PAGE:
This Thanksgiving Will Be Different

Sean Baumstark avatar

by Sean Baumstark |

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awkward moments, progression, Rare Disease Day, grief, move forward, small lessons

It’s almost unbelievable that we continue to be significantly impacted by the COVID-19 pandemic. In many ways, the effects of the pandemic are greater today than they were nine months ago.

In March, I remember thinking that it would pass before my birthday in May. I know many people who thought that we’d certainly be in the clear by the winter holidays. Yet here we are, just days away from Thanksgiving, and states all over the country are experiencing a dramatic surge in positive cases.

For some of us, this might be the most bizarre Thanksgiving yet. For others, it will be the most relaxed. Sadly, for too many, it will be the hardest and most painful one. Wherever you are on that spectrum, one thing is certain: This year is different than others.

I’ve been thinking a lot about families who must play it safe, continue their months-long isolation, and restrict their out-of-home activities to mitigate health complications. I think about the families who have lost a loved one this year, no matter the reason or cause, and who couldn’t say good-bye in the traditional way of gathering for a funeral or a memorial. I also think about those who have faced financial hardships this year due to job loss, foreclosures, delays in government assistance, and so on.

If you’re anything like me, you’re no stranger to difficulties or hard times. Specifically when considering health conditions, rare disease and disabilities present their own daily, ongoing, uphill battles.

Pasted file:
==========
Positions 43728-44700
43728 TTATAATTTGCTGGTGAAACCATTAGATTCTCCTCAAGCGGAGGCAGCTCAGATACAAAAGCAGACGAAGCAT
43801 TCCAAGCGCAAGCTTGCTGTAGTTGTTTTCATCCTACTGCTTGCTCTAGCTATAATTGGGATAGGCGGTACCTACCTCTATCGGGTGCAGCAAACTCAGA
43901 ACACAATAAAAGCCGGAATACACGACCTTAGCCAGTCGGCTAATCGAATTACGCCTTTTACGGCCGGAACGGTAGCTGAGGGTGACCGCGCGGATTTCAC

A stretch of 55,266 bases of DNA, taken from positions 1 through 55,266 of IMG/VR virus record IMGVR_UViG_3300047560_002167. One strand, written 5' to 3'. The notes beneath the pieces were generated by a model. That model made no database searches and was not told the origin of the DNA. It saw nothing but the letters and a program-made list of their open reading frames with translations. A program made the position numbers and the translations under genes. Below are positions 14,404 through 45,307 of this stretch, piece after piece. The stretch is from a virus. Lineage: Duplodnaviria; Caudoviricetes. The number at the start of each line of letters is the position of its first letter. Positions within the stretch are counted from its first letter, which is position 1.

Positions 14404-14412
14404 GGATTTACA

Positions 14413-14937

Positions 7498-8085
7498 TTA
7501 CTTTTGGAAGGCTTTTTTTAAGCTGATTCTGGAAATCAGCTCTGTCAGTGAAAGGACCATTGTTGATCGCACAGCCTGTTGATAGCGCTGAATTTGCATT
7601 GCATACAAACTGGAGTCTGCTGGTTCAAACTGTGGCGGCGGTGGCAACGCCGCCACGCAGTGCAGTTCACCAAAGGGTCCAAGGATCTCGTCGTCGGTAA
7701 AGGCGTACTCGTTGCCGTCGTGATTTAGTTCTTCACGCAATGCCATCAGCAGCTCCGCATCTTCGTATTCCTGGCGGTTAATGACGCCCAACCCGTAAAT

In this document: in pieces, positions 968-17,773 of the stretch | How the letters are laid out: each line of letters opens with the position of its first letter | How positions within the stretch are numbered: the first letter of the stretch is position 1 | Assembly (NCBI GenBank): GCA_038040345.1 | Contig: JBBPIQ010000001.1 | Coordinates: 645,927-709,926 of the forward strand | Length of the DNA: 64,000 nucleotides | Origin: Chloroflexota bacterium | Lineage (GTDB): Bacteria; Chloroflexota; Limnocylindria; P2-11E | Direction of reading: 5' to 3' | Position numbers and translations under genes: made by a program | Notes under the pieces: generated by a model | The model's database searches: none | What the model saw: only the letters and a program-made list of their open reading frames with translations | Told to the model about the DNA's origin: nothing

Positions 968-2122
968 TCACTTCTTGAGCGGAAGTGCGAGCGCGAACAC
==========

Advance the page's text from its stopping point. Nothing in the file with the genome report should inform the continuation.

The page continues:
Living with Friedreich’s ataxia, I’m constantly battling fatigue and what feels like a complete lack of energy. I also find myself struggling with simple tasks others might never even think about, such as brushing my teeth or carrying my groceries in from my car. I have good days and bad days, easy days and hard ones.

However, what I work to keep in mind is the faith that it won’t always be this way.

This year has been tough, and we aren’t in the clear yet. Thanksgiving, and most likely Christmas and New Year’s, will all be experienced under the dark, heavy cloud of the coronavirus. I can’t sugarcoat the public health crisis our world continues to battle. Nor can I dismiss the painful and hard Thanksgiving so many people will experience this week.

Although we can’t simply change those circumstances, we can choose to keep our eyes on the prize of a better future, safer interactions, and the return of hugs and handshakes. I know this is a challenging season, but I believe that when we remain steadfast in our resolve, whether talking about disability or a contagious virus, this too shall pass.

I want to encourage you to remain hopeful of your future and remind yourself of things you are grateful for. After all, it’s Thanksgiving, a time to reflect on what you do have and what you have learned. 

Instead of focusing energy on the difficulties and the disappointments of this year, dig deep and identify the things in your life that you are grateful for. Make a list so you don’t forget, and if you’re missing out on the traditional family gatherings you’re used to, call someone you’d normally be with and share your list. You can laugh and cry together if need be, and start brainstorming ideas for the next time you can “raise your glasses” face to face.

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Friedreich’s Ataxia News is strictly a news and information website about the disease. It does not provide medical advice, diagnosis or treatment. This content is not intended to be a substitute for professional medical advice, diagnosis, or treatment. Always seek the advice of your physician or another qualified health provider with any questions you may have regarding a medical condition. Never disregard professional medical advice or delay in seeking it because of something you have read on this website.The opinions expressed in this column are not those of Friedreich’s Ataxia News or its parent company, BioNews, and are intended to spark discussion about issues pertaining to Friedreich’s ataxia.